City and Colour Brightened a Gloomy Vancouver Chromatically

City and Colour with Jacob Banks at The Pacific Coliseum, 11/9/19

Photo by Ryan Johnson

On Saturday night at The Coliseum the unceasing rain that dimmed Vancouver all day was outweighed by City and Colour’s radiant performance. 

British singer Jacob Banks kick-started the concert with jolting vocals. The artist hooked the audience with his blend of R&B, rock, and hip hop. Although Banks was born in Birmingham, his Nigerian background is revealed through his soulful voice. It was evident the singer had some fans of his own filling the front rows. The crowd was pretty psyched about him, and the seven songs he performed left everyone craving more. 

A little after 8:30 the stage gleamed in neon purple and the audience cheered ecstatically as City and Colour began their set. The venue was completely full by then. By the third song most people were on their feet. On the second night of their tour for the new album, A Pill For Loneliness, the band looked full of life. City and Colour is the alias artist Dallas Green records under, but his fans seem to know him too well for that and screamed his name loudly during the concert.

Photo by Ryan Johnson

Four years since the last album release, If I Should Go Before You, and two since he was last on the road, Green found his way back to songwriting and recording as a mechanism to cope with what he calls the “era of fear” we live in today. Like other amazing songwriters, Green has stated that he doesn’t feel compelled to write during happy times. His vision is certainly reflected in his album. A Pill for Loneliness features songs like “Living in Lighting,” “Mountain of Madness,” and “Strangers” – all of which were part of the performance.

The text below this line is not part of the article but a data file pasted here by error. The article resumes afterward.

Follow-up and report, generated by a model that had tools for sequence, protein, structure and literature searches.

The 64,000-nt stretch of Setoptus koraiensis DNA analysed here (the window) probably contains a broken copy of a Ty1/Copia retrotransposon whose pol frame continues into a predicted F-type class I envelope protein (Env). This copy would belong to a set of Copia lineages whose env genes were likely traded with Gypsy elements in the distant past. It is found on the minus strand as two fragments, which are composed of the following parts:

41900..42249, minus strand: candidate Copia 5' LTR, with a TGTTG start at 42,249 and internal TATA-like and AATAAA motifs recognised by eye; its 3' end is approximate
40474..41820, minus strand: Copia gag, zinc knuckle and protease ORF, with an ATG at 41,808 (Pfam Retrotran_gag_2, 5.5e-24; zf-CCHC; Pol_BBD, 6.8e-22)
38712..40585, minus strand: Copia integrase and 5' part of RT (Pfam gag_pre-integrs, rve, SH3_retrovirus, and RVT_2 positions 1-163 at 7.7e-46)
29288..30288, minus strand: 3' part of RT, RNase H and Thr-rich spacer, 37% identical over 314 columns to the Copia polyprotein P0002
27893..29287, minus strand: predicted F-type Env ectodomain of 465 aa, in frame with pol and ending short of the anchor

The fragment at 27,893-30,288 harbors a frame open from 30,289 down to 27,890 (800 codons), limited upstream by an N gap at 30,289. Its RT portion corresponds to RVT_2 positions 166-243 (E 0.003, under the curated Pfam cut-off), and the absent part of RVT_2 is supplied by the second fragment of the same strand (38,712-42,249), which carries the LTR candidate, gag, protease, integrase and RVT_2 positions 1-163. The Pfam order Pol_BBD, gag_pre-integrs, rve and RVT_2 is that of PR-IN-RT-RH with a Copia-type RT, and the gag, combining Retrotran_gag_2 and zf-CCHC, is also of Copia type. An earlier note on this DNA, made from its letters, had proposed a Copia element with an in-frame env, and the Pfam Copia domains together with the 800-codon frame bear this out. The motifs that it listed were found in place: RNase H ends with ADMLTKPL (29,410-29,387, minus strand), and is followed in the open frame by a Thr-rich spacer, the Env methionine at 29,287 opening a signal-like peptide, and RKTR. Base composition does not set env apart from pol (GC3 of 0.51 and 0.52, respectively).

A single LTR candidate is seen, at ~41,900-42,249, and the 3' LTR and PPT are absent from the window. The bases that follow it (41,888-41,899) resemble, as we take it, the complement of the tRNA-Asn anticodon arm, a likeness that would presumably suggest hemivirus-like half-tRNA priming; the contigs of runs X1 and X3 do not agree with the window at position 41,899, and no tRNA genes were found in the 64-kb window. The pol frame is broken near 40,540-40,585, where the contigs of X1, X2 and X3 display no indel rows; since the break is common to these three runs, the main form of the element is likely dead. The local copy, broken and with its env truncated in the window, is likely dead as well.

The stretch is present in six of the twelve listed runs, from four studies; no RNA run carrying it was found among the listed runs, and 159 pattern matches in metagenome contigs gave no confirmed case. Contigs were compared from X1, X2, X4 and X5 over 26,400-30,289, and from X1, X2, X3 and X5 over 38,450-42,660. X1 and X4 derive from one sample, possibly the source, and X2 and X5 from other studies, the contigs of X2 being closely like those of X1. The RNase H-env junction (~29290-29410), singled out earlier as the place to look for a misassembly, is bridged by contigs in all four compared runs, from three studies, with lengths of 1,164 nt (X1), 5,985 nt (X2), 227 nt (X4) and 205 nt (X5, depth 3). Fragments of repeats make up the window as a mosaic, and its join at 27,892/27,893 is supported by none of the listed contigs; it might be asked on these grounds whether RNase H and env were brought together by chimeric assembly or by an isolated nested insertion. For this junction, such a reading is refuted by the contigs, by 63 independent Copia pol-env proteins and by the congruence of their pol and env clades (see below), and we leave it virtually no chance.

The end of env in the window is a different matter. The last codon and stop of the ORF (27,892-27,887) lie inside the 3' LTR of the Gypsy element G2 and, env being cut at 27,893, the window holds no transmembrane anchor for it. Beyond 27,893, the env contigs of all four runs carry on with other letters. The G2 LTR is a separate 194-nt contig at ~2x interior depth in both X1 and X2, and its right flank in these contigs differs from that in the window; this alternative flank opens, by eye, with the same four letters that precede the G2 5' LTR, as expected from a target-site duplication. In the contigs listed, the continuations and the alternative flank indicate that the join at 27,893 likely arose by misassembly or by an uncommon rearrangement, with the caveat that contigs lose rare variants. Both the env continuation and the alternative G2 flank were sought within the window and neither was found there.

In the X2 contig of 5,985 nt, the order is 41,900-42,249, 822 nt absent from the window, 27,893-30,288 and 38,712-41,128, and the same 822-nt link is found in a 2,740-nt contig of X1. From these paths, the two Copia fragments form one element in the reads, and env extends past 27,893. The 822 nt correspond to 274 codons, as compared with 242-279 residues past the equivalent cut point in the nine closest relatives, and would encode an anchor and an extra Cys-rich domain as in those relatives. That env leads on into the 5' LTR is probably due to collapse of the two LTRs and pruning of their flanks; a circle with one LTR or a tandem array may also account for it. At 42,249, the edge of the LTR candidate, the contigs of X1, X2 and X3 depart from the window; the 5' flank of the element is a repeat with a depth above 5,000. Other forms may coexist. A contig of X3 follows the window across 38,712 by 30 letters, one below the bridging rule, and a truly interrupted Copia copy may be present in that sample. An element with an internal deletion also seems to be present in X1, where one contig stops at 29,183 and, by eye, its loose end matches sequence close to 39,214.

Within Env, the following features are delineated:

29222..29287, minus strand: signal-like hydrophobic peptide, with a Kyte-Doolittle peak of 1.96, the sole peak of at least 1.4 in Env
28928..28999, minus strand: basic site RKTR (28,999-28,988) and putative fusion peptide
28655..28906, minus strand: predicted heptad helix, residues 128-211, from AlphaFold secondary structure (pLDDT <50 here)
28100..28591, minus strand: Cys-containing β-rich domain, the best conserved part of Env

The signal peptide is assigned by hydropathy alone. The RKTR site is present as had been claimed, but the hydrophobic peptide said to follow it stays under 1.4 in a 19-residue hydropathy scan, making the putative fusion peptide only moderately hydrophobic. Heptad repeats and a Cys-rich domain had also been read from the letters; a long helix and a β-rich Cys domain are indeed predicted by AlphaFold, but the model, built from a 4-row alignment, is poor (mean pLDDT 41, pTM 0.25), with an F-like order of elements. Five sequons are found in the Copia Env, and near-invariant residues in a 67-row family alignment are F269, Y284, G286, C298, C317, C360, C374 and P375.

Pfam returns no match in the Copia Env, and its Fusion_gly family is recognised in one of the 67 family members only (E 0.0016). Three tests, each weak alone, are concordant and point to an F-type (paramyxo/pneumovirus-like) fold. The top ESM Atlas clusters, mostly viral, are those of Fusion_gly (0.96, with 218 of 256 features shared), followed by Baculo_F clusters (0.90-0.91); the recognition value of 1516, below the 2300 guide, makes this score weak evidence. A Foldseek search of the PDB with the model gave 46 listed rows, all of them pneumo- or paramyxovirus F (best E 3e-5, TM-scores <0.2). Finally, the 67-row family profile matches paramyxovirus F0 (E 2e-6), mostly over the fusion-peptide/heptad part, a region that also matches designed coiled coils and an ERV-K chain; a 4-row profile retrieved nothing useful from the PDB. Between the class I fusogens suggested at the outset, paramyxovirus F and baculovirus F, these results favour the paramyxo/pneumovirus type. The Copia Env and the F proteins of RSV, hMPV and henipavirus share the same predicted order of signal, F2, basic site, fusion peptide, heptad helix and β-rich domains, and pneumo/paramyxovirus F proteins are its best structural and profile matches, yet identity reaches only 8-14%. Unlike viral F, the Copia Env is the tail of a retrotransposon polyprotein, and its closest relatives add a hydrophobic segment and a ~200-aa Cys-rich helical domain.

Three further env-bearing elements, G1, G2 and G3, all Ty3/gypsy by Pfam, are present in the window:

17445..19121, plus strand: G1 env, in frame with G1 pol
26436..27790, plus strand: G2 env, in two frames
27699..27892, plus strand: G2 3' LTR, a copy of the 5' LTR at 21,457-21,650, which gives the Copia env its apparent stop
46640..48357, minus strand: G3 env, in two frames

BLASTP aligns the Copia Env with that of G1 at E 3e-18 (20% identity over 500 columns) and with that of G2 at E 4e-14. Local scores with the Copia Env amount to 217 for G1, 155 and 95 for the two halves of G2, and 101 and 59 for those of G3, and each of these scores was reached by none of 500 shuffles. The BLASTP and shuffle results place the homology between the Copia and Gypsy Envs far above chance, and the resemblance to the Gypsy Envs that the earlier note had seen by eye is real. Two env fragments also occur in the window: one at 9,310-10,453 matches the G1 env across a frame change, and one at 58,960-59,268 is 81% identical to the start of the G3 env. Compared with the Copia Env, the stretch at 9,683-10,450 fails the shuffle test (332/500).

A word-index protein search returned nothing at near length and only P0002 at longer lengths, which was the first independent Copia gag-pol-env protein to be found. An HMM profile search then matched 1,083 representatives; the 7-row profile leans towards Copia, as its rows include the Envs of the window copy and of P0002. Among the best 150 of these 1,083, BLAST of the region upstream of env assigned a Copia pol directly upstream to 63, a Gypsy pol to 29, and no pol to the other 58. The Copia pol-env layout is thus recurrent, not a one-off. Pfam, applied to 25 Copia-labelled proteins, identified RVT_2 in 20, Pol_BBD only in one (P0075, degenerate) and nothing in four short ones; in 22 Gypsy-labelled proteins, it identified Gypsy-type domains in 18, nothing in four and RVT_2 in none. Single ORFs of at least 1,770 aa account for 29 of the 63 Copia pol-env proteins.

The singer joked about his lack of creativity a few times, saying things like, “This song is about pretty much what every other song is about,” in an intro to the song “Runaway.”

Despite his modesty, Green’s songs are anything but average. The lyrics in each song describe different aspects about the human condition: complex emotions, sticky situations, and messy mistakes. What’s special about his outlook though is that it’s not a pessimistic one. Green invites us to celebrate our mistakes, for they help us move forward. 

Halfway through the set the stage roof descended , encapsulating the band in bright magenta lights. The crowd rose collectively after Green’s hint, “This song is about fucking up,” realizing “Lover Come Back” was coming up. The sound was amazing: the bass, percussion, and guitar fusing perfectly. After about two hours the band left the stage, making the public unsteady to the possibility of oldies like “The Girl” not making the cut. After minutes of non-stop cheering, they were back on stage. “I swear I didn’t leave to get you guys to plead my return, I just really had to pee,” he confessed. 

Everyone laughed and found their expectations were exceeded by the performance of other favorites like “We Found Each Other in the Dark.” “The Girl” was a highlight, as many of the lines were entirely sung by the crowd. Before closing the night off with “Living in Lighting” and “Sleeping Sickness,” he asked fans to join him in signing happy birthday to a person dear to him in the audience. Green’s songs are definitely not all the same, but they do remind us listeners that we all go through the same things: living lives that bring with them chapters full of very different colours.